More broadly, Duterte’s skipping of several meetings during the recent round of ASEAN summits in Laos this month, irrespective of why he did so, only fanned fears that his administration would not prioritize the grouping. As it is, former ASEAN secretary-general Surin Pitsuwan has been warning of the rise of new South-east Asian leaders who do not share their predecessors’ commitment to regionalism. Duterte thus far has done little to ease suspicions that he fits the bill.
Optimists say he can at least be convinced to use ASEAN to advance some of his own narrow priorities when the Philippines chairs the grouping next year. But whether or not he can hold his tongue and excel at quiet diplomacy, or realize that undermining rights and freedoms at home undercuts Manila’s credibility to play its traditional role as a forward-leaning member on this front within ASEAN, is another question.
Internationally, amid Duterte’s insults at various actors including the United States, the European Union and the United Nations, there have been mutterings of an “independent foreign policy”. If by that he means gradually moving the Philippines away from its traditional dependence on the US towards a more independent posture where it adroitly balances major powers, that is a reasonable vision which has long enjoyed support among some at home and even in Washington who are eager to see Manila provide more for its own security and prosperity.
Yet, so far, the administration has failed to articulate how it would pursue this. How would Duterte provide for the Philippines’ security if he questions basic acquisitions needed for the modernization of its military – still among the region’s weakest – while also pivoting away from Washington, its traditional security provider? Where does he plan to make up the lost trade and aid from Europe and the US – both leading economic partners – if they begin to respond to his insults with their wallets?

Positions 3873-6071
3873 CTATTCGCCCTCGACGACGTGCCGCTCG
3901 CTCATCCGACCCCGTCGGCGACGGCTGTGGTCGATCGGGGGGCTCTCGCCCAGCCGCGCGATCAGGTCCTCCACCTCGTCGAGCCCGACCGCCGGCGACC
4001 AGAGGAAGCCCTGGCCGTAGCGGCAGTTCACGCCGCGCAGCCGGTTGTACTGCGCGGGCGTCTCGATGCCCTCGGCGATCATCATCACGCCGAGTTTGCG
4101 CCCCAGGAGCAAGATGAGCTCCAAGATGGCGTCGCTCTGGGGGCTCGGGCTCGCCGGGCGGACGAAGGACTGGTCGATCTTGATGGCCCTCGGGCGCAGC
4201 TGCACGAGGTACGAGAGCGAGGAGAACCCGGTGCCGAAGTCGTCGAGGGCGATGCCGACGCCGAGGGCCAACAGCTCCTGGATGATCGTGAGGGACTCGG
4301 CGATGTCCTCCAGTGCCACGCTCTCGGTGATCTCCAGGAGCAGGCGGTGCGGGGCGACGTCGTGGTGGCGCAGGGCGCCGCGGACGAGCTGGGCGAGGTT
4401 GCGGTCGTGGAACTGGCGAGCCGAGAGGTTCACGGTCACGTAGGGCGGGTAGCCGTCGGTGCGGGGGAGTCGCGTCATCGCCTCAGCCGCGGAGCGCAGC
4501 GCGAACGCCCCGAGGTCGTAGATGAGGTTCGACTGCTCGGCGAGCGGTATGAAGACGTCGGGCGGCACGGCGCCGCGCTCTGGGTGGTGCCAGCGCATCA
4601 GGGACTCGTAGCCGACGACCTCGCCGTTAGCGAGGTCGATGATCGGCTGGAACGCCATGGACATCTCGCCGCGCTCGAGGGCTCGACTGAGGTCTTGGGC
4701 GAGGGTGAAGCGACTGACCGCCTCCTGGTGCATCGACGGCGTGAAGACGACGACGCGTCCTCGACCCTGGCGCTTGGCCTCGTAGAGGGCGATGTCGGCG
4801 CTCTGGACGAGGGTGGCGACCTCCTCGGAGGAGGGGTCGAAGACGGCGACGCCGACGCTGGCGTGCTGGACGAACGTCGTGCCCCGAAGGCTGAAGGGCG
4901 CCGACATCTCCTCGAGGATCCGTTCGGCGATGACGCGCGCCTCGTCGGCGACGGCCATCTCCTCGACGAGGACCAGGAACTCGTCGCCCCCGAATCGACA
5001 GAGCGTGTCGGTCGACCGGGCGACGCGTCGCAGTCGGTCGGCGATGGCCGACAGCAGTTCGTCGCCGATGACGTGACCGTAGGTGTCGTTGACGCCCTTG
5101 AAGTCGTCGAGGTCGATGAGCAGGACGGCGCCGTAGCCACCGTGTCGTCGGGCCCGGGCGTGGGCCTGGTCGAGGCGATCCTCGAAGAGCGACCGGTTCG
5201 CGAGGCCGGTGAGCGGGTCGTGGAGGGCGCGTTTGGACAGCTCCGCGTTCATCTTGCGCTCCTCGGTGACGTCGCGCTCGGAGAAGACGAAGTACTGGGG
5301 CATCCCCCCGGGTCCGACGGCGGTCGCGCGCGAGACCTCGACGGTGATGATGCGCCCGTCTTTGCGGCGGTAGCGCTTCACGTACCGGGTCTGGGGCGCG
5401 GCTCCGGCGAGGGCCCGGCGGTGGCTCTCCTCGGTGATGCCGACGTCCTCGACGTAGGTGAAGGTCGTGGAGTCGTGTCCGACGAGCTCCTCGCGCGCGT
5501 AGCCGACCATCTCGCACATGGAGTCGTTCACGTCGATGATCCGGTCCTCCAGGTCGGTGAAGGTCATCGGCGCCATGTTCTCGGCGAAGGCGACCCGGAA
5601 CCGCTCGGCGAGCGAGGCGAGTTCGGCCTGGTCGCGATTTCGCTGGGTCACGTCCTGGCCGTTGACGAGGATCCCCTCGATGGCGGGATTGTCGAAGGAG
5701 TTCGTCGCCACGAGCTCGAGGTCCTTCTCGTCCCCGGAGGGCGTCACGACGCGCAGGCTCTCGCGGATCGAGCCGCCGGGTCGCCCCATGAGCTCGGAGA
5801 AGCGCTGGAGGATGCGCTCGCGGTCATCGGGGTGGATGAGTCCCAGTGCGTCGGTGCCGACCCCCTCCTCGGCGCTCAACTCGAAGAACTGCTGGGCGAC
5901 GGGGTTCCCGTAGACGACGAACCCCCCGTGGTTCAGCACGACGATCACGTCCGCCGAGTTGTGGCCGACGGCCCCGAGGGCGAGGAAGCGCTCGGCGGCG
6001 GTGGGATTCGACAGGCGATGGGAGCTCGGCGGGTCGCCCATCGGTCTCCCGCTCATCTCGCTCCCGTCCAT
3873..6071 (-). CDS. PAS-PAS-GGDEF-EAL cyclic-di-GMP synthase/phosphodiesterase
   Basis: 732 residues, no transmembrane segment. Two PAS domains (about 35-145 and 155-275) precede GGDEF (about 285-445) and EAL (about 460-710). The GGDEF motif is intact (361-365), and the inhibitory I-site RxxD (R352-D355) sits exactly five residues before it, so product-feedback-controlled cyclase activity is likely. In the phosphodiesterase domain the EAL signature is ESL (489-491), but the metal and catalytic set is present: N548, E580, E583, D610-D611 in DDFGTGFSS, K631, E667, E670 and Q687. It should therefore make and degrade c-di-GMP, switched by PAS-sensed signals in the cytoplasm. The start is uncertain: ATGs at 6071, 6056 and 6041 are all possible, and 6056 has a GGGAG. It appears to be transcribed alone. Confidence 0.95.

So far, Duterte’s approach seems to leave him with few options other than greater dependence on China. That arguably brings with it greater economic, political and security risks, given lingering concerns about Chinese links to corruption from the Gloria Macapagal Arroyo days, its South China Sea assertiveness during the Aquino years, and its tainted image within public opinion even today.
Duterte’s advisers privately say the President will find his feet. But if he keeps undermining Philippine interests and his own position on multiple fronts domestically, regionally, and globally, he will lose the political capital necessary to implement the bold reforms promised that got him elected. Worse, if opposition coalesces in the legislature, within the military, or on the streets – as it has far too often in Philippine politics – he could face even more serious challenges to his authority.
Perhaps this early phase of uncertainty will eventually be a blip in Duterte’s six-year term once his policies begin to gain steam. But for now, that’s far from clear. Duterte Harry has so far proven to be his own worst enemy, and if he does not tread carefully, to paraphrase Harry Callahan, he may soon not be feeling very lucky.
This piece was originally published in The Straits Times here.